Three-time Giro d’Italia winner Fiorenzo Magni has died at the age of 91 after suffering an aneurysm in the early hours of Friday morning. His funeral will take place in Monza on Saturday.
Born near Prato in 1920, Magni was the “third man” of Italian cycling’s golden age - often overshadowed but rarely overawed by Fausto Coppi and Gino Bartali during a career that spanned from 1940 to 1956, and saw him win the Giro d'Italia, Giro del Piemonte, Trofeo Baracchi and Italian championships on three occasions.
In spite of those Italian successes, Magni is perhaps best remembered for the remarkable feat of winning three consecutive Tours of Flanders between 1949 and 1951. In a far less globalised era, the Tuscan became only the second non-Belgian to win De Ronde, earning the moniker of the “Lion of Flanders” in the process.
On home roads, Magni struggled to compete with the popularity of Coppi and Bartali – in part due to his fascist sympathies during World War II – but still took three Giro d’Italia victories in the post-war period. His first win in 1948 came amid some controversy with Magni penalised two minutes for receiving pushes on the Pordoi, but he resisted the jeers of the tifosi to carry the pink jersey to Milan.
After adding a second Giro in 1951, Magni went on to become the oldest winner of the race in dramatic circumstances in 1955. By then 35 years of age, the wily Magni attacked in the company of Coppi on the penultimate stage to San Pellegrino Terme, conceding the stage victory to Il Campionissimo in return for his help in dislodging a distraught Gastone Nencini from the maglia rosa.
The most enduring image of Magni at the Giro would come from an edition he did not win, however. As defending champion in 1956, Magni broke his collarbone in a crash on stage 12 from Grosseto to Livorno, but continued in the race to finish second overall behind a rampant Charly Gaul, famously biting on an inner tube attached to his handlebars in a bid to alleviate his pain.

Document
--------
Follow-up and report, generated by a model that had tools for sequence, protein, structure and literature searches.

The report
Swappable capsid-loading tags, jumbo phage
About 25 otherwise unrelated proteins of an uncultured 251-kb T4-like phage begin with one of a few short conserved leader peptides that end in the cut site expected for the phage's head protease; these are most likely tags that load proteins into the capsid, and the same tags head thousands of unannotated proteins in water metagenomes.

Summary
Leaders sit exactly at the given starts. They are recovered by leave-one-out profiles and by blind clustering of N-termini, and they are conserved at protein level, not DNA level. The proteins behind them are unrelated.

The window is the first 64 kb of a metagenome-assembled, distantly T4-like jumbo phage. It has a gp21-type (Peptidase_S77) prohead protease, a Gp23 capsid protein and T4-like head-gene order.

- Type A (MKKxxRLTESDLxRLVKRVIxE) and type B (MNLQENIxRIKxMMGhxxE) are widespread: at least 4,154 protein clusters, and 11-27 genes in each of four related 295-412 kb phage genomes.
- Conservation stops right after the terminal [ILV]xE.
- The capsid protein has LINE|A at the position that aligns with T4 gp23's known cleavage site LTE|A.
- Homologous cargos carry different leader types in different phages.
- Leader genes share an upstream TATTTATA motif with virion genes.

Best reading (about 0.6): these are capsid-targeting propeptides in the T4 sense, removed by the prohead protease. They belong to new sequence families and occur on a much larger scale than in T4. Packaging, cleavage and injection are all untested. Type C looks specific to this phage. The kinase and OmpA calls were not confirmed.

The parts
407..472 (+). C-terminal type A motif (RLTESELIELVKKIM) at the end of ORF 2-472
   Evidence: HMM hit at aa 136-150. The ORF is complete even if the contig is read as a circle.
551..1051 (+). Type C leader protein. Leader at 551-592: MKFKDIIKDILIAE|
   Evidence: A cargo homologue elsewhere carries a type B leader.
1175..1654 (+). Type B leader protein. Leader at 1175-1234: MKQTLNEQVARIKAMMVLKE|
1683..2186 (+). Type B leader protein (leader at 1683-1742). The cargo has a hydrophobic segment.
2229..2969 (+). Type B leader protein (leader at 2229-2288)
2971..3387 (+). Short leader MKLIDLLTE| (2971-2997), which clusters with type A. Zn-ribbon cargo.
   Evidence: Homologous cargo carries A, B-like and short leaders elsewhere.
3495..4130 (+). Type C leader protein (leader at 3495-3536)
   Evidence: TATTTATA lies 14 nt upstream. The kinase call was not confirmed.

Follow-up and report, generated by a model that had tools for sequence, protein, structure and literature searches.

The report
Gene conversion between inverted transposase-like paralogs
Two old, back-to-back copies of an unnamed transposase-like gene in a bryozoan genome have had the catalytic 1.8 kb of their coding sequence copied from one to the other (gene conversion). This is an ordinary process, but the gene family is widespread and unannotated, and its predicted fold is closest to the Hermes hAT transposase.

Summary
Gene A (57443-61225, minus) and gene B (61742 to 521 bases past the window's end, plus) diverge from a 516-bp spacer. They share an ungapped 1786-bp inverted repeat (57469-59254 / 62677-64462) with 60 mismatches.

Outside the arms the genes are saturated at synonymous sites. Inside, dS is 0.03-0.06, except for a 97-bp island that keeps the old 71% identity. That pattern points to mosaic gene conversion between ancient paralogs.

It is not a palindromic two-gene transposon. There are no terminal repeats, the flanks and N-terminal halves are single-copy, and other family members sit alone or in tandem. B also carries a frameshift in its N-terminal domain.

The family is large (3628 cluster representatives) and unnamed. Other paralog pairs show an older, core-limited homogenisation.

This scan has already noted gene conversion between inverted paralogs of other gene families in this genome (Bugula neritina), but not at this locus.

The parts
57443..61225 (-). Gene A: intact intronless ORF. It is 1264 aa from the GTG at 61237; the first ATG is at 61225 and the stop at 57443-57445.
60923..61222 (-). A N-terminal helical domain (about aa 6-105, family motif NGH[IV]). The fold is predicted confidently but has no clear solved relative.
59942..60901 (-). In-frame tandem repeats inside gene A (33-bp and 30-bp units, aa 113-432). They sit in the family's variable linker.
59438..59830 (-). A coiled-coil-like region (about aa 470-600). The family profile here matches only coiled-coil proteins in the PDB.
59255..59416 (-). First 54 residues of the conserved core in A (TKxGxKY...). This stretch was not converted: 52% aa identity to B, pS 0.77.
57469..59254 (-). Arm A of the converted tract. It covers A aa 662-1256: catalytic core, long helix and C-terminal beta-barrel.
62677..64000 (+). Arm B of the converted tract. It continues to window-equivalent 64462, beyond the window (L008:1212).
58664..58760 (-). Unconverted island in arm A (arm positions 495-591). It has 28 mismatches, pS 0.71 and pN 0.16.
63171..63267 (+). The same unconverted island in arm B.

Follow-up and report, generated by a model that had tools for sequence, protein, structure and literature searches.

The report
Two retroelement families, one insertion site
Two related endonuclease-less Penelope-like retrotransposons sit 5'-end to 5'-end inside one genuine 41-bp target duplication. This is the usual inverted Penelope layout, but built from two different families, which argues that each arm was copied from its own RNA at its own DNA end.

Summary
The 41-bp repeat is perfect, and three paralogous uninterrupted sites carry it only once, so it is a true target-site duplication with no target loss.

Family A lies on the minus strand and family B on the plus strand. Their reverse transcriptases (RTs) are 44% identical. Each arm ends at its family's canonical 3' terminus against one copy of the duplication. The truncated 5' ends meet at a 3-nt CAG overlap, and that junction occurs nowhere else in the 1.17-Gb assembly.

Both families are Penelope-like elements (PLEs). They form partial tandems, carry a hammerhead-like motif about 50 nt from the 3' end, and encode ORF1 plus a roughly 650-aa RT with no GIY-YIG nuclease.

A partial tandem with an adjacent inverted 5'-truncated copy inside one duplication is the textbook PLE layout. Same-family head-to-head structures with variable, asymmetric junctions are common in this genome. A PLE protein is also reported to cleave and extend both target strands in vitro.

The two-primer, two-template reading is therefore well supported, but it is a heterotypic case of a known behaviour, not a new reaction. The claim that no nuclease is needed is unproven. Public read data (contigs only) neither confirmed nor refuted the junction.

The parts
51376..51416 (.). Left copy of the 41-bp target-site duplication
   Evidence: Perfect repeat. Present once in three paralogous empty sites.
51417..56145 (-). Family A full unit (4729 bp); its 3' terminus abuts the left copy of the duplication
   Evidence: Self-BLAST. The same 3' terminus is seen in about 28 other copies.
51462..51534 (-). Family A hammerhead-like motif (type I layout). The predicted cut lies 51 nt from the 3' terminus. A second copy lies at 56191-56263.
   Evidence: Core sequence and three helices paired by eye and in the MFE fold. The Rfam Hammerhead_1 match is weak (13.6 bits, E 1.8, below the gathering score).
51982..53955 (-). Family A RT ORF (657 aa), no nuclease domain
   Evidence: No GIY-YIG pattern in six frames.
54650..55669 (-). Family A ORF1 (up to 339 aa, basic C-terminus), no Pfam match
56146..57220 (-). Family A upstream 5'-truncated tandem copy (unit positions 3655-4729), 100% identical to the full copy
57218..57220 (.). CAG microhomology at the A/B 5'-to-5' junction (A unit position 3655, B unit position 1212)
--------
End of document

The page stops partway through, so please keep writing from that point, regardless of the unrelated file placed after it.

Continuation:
Magni also suffered ill-fortune at the Tour de France. In 1950, he was wearing the yellow jersey when the Italian team pulled out en masse after Gino Bartali was threatened by French supporters on the Col d’Aspin. In an era of national teams, and with Fausto Coppi in his prime, Magni would never again have such an opportunity.
Magni’s successes on the bike followed controversy relating to his fascist sympathies during World War II and his continued loyalty to Mussolini in the wake of the Italian army’s 1943 armistice and during the subsequent civil war.
In 1947, Magni was tried for his alleged part in an incident on January 3, 1944 at Valibona in the Apennines in which a number of partisans were killed. Suspended from cycling and facing 30 years’ imprisonment, Magni was subsequently cleared, and among those to testify in his favour was his fellow Tuscan rider Alfredo Martini, who had fought on the partisan side during the conflict.
In his 2011 book Pedalare, Pedalare! however, John Foot paints a more nuanced picture of Magni's actions during the war, pointing to documents that commended Magni for "providing notable service to the cause of liberation" in Monza in 1945. Asked about the matter in 2011, Magni simply said that "your own conscience is what counts."
After his retirement in 1956, Magni remained involved in cycling, as a directeur sportif, as national team manager and later as president of the riders’ association. In recent years, Magni was a driving force behind the cycling museum at the chapel of the Madonna del Ghisallo, on the route of the Tour of Lombardy.
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